Question: I have a 1984 Thunderbird with a six-cylinder engine. It has idled fast since about 2,000 miles. It now has 15,000 miles on it. By fast, I mean I travel 40 miles per hour without putting my foot on the gas. I have been to two garages four times. Do you have any suggestions?--D.A.
Answer: The procedure for setting the idle on a Ford Thunderbird is very exacting, and any deviation will result in problems. I think your problem has been with some poorly informed mechanics.
The engine should idle at about 525 revolutions per minute with the automatic transmission in drive. A decal under the hood lists the proper idle speed. If your car is traveling at 40 m.p.h. at idle, it is obviously badly out of adjustment.
To set the idle speed, a mechanic first must disconnect a very small, computer-controlled electric motor that directs a number of carburetor functions. For example, the small motor takes the place of the carburetor "dashpod," which prevents abrupt drops in engine speed.
After retracting the electric motor's plunger, a mechanic can set the base idle speed by adjusting a screw on the carburetor. The next step is to set an air gap between the plunger and the motor at exactly .28125 inch.
Q: At about 2,300 miles, my Mercury Cougar with V-6 developed an annoying squeak in the engine. After a couple of false starts, including replacing the thermactor pump, the dealership decided to replace all of the rocker arms. They have ordered them but now the squeak has disappeared. What caused the squeak? Should I have the rocker arms replaced anyway while the car is still under warranty?--N.H.B.
A: A lack of lubrication could have caused damage to the rocker arms, which resemble small teeter-totters that open and close the engine valves.
A blockage in the tiny oil passages inside the engine block may have stopped lubrication to the rocker arms and the shaft that holds them in place.
The squeaking would stop if the blockage has cleared, but the rocker arms could still be damaged. If the dealership has diagnosed the problem as rocker arms and agreed to replace them, I strongly suggest you follow up on their offer. It is an expensive job that you will not want to face once your warranty expires.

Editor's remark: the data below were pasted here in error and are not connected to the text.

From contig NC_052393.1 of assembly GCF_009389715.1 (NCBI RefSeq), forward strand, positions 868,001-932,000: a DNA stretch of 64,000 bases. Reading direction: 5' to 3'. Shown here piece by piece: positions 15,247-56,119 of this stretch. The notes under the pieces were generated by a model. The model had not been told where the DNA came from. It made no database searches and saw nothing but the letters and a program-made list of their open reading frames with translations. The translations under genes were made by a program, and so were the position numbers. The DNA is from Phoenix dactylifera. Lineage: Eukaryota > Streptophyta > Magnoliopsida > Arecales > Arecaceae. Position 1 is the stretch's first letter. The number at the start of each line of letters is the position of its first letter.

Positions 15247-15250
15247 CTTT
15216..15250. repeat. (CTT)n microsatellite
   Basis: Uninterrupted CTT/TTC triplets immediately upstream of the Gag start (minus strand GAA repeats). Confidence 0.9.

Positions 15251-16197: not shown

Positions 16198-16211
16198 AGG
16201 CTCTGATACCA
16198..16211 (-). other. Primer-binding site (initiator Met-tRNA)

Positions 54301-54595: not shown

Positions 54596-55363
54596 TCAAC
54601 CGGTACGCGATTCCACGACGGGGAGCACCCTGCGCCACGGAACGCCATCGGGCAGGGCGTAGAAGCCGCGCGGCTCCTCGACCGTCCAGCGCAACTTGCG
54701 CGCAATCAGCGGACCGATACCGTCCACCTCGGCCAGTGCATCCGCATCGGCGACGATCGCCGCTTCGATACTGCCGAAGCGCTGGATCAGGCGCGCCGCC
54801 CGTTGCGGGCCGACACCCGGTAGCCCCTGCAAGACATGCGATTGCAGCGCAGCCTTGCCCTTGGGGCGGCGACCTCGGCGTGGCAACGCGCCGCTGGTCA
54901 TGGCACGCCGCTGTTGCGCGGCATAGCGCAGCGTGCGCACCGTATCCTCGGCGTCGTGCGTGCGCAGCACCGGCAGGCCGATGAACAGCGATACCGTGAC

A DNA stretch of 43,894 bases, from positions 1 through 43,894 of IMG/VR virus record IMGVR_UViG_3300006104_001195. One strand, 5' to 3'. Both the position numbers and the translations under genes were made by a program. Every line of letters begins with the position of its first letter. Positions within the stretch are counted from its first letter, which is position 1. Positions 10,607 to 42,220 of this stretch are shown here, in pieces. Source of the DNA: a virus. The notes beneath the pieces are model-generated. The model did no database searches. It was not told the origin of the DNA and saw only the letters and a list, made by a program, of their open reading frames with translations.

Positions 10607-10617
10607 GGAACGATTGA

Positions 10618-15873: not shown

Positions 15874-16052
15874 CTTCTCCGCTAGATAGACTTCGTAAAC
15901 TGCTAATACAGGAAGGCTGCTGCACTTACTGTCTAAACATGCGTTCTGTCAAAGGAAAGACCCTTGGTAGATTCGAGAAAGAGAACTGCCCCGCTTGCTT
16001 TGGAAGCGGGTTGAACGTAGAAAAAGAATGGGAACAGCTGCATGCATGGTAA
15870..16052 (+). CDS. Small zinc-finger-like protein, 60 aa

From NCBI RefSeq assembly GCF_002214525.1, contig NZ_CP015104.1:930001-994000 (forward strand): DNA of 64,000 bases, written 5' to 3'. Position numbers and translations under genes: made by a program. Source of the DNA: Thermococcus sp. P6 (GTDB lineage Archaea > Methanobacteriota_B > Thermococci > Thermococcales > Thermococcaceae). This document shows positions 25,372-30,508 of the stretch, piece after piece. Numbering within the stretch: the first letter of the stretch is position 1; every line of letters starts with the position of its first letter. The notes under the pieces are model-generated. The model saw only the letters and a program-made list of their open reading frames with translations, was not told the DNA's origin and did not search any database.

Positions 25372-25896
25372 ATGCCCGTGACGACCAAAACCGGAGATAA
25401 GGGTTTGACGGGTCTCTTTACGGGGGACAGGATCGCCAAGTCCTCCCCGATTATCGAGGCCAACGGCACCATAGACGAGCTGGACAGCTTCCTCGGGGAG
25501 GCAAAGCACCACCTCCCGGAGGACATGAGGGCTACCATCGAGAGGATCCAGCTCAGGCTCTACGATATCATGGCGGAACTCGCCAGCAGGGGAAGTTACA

Q: I have a 1979 Toyota Corolla. For some time now after I have driven it for an hour or so, it will not restart. I have to wait about 30 minutes. The solenoid clicks but does not engage the starter. The Toyota dealership cannot find any problem. The battery tested out fine. Have you ever experienced anything like this?--P.W.
A: The problem is most likely the result of a poor electrical connection or a defective solenoid.
Heat raises electrical resistance. If the resistance is too high, not enough current will reach the starter motor to turn over the engine.
You should check the two primary ground wires and the positive cable from the battery to the starter. The contacts on the wires should be clean and free of corrosion.
If the wires are clean, your problem may be in the solenoid, which is a magnetic switch inside the starter. It may be corroded or arched, preventing good electrical contact. It can be replaced without replacing the entire starter motor.
Ralph Vartabedian cannot answer mail personally but will respond in this column to automotive questions of general interest. Do not telephone. Write to Your Wheels, You section, The Times, Times Mirror Square, Los Angeles 90053.